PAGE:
November 1, 2019 — Pivotal. That’s probably the best word to describe vendor mergers and acquisitions and investments among automotive retail vendors in 2019. Aggressive roll-up plays, new directions, and evolving industries forming now will reshape the industry over the next five years.
In TBR’s Third Quarter Report on Auto Retail Vendor Merger and Acquisition Activity subscribers will find:
- Review of the year’s 62 transactions
- Discussion of the trends impacting investments and M&A activity
- Outlook for the next several months including a breakdown of which companies are buyers and which are sellers
Normally, we publish a report of this scope at the end of the year, but we believe there will be significant activity over the next few months that demands a more thorough analysis because of the resulting impact.
Below is a snapshot of this year’s activity thus far:
- Service – 10 (Includes three mobile on-demand transactions; three online parts ordering deals; two cloud-based retail experience investments. Add the collision repair plays, reconditioning-related transactions, and some of the connected vehicle activity, the Service category is the clear leader in M&A activity.)
- F&I – 8 (includes at least five fintech-related deals)
- Data Marketing (Ad Tech) – 8
- Connected Vehicle – 6
- Online Transaction – 6 (if we included fintech deals, this number becomes 11)
- Data Marketing – 6
- Vehicle Subscription – 4 (all transactions by Fair)
- Fleet Management – 3 (several of the connected vehicle-related transactions could be included in the Fleet category)
- Collision Repair – 2
- Online Auctions – 2 (this is a hot category — ACV Auctions and KAR’s TradeRev are leading the way, but not without challenges. New entries such as CarOffer launched by Bruce Thompson this year could rewrite how dealers manage “wholesale” inventory – think 24/7 trade desk for used vehicles)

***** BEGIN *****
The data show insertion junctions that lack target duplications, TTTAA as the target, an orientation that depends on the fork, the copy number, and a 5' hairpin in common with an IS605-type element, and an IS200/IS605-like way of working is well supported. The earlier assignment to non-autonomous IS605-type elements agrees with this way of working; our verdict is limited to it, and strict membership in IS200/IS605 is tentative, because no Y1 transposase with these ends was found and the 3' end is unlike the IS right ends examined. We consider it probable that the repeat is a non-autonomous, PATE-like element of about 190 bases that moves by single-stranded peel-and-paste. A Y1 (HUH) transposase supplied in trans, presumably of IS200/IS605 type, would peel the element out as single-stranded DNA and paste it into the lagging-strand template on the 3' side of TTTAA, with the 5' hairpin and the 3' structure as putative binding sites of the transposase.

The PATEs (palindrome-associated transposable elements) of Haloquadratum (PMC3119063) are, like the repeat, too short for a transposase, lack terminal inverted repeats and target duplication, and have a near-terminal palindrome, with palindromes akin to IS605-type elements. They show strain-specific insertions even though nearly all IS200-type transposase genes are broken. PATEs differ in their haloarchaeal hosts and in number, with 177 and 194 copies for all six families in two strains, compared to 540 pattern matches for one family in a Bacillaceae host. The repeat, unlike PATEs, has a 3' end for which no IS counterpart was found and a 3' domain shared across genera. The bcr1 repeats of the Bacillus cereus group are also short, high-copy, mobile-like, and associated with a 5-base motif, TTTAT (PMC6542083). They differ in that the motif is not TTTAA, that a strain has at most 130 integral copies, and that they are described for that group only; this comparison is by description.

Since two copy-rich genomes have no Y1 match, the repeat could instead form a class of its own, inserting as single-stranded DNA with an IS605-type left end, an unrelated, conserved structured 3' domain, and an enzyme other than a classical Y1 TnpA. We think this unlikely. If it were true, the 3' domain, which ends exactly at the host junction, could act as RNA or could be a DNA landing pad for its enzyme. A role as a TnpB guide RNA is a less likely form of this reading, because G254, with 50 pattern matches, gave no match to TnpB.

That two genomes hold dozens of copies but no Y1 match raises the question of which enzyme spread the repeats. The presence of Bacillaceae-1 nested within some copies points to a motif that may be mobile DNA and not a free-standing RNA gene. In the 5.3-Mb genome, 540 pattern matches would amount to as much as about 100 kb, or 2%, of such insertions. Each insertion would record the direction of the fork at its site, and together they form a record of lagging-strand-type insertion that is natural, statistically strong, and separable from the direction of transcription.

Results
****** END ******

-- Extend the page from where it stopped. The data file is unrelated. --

- Vehicle Inspection – 2 (Two new companies enter the market this year with significant investments. Israeli-based Uveye and Fyusion. Look for Black Widow out of Missouri to start making a move.)
- Reconditioning – 2 (This is becoming an interesting category as Hugh Hathcock rolls out ReconVelocity to compete with iRecon, Rapid Recon and numerous other smaller players in the space.)
- Dealer Management System (DMS) – 1 (could become three if Tekion, with its two investments, moves in that direction, which based on conversations with dealers, it is.)
- Vehicle Insurance – 1 (Interesting company Dealer Policy raised money from Mtech Capital and Stone Point Capital.)
- Vehicle Self-Payments – 1 (Using the vehicle as a payment system at gas stations and fast-food restaurants — is there a dealer F&I play?)
- Vehicle Salvage – 1 (KAR’s spinoff of IAA)
Of course, M&A activity is fluid (a great example is Cars.com’s strategic initiative earlier this year that failed to produce a buyer), meaning, what we publish today may change tomorrow.
Nevertheless, the report will provide subscribers with an understanding of what trends are driving M&A today and how that activity will impact dealers – and the entire industry over the next several years.
The report in its entirety along with downloadable Excel documents with this year’s deals and deals from 2018 is available to premium subscribers to The Banks Report. The spreadsheets provide financial and transaction data for the deals in which that information is available.
Click Here to access the report (for premium subscribers):